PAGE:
If you’re a thrill-seeker looking for heart-pumping rides and nonstop entertainment outside of Orlando, then plan a trip to Busch Gardens. Roller coaster fans will have plenty of exciting twists, drops and high-speed turns at the park, especially on the new Serengeti Flyer. The 135-foot-tall coaster is billed as the tallest and fastest ride of its kind in the world, reaching speeds of up to 68 mph and boasting multiple negative-G moments during the hair-raising ride.

For the less adventurous, head to the 65-acre Serengeti Plain for an open-air off-road tour. The 30-minute excursion offers up-close safari encounters with African wildlife, including zebras, giraffes, rhinos and antelopes. There are also plenty of activities at this Tampa attraction to keep children busy with rides, tours and activities designed for younger kids. Recent travelers like the theme park concept with the safari tours and comment that the grounds are well maintained.

Hit the beach at Siesta Key

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The 8-mile-long barrier island of Siesta Key is famous for its powdery white sand beaches and sparkling turquoise waters along the Gulf of Mexico. Visitors to the beach call it one of the prettiest beaches in the U.S., saying they also enjoy the incredibly soft quartz sand that doesn’t get too hot – even in the Florida sun. While on the island, take a ride on the complimentary Siesta Key Breeze Trolley for an overview of the area. Then, head over to Ocean Boulevard in Siesta Key Village to check out the local shopping, dining and entertainment scene.

Meet a manatee in Crystal River Preserve State Park

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Located in what’s known as the “Manatee Capital of the World,” Crystal River sits on Kings Bay. The bay’s crystal-clear waters, the second largest springs group in Florida, are a first-magnitude spring system fed by more than 70 springs. If you visit in the winter, you can see as many as 500 to 1,000 manatees enjoying the spring-fed waters (averaging 72 to 74 degrees Fahrenheit year-round), whereas about 100 manatees reside there in the summer.

For a one-of-a-kind experience, book a manatee tour with Crystal River Watersports to swim and snorkel with one of these gentle giants. They also offer half-day excursions where you’ll swim with the manatees and then take a course to transform into a mermaid. But if you don’t want to get wet, opt for a two-hour, clear bottom kayak ecotour to view the gentle giants from above.

Ichetucknee Springs State Park: Fort White

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Situated about 80 miles southwest of Jacksonville in Fort White, this nearly 2,700-acre state park is a haven for wildlife, including beavers, softshell turtles, wood ducks, limpkins and other species. You’ll also find eight major springs that form the 6-mile-long Ichetucknee River, including one that’s designated a National Natural Landmark. Travelers rave about the natural beauty and their experiences at the park. Aside from walks along the three nature trails and geo-seeking, activities here include canoeing, kayaking, scuba diving, swimming or tubing on the pristine river. The state park is also part of the Great Florida Birding Trail.

Gatorland: Orlando

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Alligators are one of Florida’s most notorious residents, and this educational park is one of the top things to do in Orlando with kids. Whether you’re fascinated by or terrified of these predators, you can see more than 2,000 American alligators of all ages and sizes – at a distance – at “The Alligator Capital of the World,” Gatorland. The park even has rare leucistic white alligators.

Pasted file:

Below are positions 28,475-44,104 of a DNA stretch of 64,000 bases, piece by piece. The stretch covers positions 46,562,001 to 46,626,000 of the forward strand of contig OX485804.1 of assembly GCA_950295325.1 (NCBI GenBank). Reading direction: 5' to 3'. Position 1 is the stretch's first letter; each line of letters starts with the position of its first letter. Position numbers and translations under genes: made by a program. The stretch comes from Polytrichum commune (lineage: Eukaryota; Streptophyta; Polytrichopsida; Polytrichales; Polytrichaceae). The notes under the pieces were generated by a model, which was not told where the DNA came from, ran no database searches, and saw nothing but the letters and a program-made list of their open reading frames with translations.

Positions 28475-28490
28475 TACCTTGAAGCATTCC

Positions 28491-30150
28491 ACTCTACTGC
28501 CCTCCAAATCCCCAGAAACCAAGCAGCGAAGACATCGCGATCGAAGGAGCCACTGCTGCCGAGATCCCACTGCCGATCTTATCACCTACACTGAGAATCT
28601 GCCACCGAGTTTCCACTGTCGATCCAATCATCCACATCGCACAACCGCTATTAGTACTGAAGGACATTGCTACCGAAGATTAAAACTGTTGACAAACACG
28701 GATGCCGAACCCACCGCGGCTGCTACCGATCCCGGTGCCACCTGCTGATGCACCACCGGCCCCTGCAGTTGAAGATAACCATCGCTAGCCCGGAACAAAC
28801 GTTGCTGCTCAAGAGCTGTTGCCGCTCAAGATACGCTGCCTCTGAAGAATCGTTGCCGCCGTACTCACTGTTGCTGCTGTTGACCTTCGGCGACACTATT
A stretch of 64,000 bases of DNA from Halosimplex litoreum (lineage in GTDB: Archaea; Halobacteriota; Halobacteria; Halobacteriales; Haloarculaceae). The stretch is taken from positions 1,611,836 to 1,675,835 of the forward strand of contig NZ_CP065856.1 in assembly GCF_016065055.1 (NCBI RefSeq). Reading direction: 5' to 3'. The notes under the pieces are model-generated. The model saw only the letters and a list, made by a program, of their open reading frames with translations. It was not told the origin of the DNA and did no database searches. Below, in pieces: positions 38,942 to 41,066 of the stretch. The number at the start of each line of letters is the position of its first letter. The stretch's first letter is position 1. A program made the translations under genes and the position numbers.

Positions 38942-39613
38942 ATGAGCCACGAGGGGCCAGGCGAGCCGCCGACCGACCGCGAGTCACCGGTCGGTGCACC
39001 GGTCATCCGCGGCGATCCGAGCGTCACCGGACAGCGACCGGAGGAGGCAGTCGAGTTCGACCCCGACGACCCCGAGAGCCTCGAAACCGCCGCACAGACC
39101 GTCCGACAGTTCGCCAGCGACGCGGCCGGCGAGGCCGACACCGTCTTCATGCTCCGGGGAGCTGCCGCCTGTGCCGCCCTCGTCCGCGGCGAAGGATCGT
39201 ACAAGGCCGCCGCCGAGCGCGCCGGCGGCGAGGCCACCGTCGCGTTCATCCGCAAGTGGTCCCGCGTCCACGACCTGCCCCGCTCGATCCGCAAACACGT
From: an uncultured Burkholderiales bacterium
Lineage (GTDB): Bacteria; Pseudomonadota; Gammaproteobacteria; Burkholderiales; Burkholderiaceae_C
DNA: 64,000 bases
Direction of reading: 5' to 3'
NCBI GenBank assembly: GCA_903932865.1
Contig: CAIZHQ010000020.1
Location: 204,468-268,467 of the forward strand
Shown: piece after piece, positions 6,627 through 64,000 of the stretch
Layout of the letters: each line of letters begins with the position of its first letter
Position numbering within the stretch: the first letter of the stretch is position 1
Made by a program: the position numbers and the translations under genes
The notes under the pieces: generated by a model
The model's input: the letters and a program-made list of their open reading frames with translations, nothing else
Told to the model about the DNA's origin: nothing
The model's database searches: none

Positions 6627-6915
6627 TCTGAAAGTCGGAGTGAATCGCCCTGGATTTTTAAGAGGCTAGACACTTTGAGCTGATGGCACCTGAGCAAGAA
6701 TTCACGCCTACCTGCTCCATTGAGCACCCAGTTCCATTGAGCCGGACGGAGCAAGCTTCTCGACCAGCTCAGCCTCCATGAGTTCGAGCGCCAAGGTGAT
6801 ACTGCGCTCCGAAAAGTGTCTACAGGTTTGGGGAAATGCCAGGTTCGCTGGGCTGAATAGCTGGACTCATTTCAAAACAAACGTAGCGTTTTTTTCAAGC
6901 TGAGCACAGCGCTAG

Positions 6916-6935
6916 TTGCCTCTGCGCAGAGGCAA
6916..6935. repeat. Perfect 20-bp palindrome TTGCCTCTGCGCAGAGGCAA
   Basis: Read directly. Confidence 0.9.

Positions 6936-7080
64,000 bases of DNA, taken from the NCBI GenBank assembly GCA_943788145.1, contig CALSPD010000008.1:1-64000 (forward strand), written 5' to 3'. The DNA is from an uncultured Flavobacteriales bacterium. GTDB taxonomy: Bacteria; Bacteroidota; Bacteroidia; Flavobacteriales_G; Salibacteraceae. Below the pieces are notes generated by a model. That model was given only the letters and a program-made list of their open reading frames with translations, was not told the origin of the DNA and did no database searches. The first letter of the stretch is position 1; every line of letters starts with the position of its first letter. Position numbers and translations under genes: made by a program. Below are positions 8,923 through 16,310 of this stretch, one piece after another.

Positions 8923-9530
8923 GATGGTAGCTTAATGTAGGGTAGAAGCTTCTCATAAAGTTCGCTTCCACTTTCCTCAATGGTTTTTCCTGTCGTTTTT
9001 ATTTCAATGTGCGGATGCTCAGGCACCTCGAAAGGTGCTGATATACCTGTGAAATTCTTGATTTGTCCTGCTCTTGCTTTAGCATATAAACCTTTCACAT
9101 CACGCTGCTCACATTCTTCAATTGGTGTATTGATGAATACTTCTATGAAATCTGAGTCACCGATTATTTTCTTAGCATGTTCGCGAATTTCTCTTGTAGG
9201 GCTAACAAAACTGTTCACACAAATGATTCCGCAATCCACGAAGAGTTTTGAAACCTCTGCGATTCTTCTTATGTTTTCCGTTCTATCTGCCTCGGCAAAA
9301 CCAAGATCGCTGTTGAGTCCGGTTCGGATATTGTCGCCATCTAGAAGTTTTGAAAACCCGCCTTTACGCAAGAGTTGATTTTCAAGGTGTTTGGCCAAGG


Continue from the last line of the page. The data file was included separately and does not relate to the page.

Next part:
There are plenty of other thrilling things to do at the 110-acre wildlife preserve and theme park, including the 1,200-foot-high Screamin’ Gator Zip Line and the Stompin’ Gator Off-Road Adventure in the swamp on a monster vehicle. If you dare, reserve a spot for the behind-the-scenes tour during Adventure Hour, where you’ll be up close and personal with (and even able to feed) hundreds of hungry alligators. Reviewers say they enjoyed the shows, activities and seeing all the gators, and some even wished they had planned to spend more time at the preserve and park.

Castillo de San Marcos National Monument: St. Augustine

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Castillo de San Marcos was built by Spanish colonists in the late 1600s to defend their settlement of Florida and the Atlantic trade route. The well-preserved structure is the oldest masonry fortification in the continental U.S., and it was designated as a national monument in 1924 by President Calvin Coolidge. You’ll find park rangers and volunteers in period dress stationed throughout Castillo de San Marcos to answer questions while you explore on your own. They’ll also elaborate on the experiences of colonists who lived at the fort hundreds of years ago. Musket and cannon demonstrations take place at scheduled times on most weekends.

Be sure to download the official Castillo park app for a self-guided tour and other information to help you make the most of your visit. Recent travelers find the fort to be well preserved and say they enjoy the exhibits, presentations and beautiful views of Matanzas Bay.

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Vizcaya Museum & Gardens: Miami

Robin Hill|Courtesy of Vizcaya Museum and Gardens

This 45,225-square-foot Mediterranean-style mansion – situated on Biscayne Bay in the Coconut Grove area of Miami – is home to an impressive collection of artwork, sculptures and priceless antiques. Retired millionaire and bachelor James Deering began building the property in 1914 but died in 1925. His family members looked after the home and property and worked to make it accessible to the public; Vizcaya opened as a museum in 1953.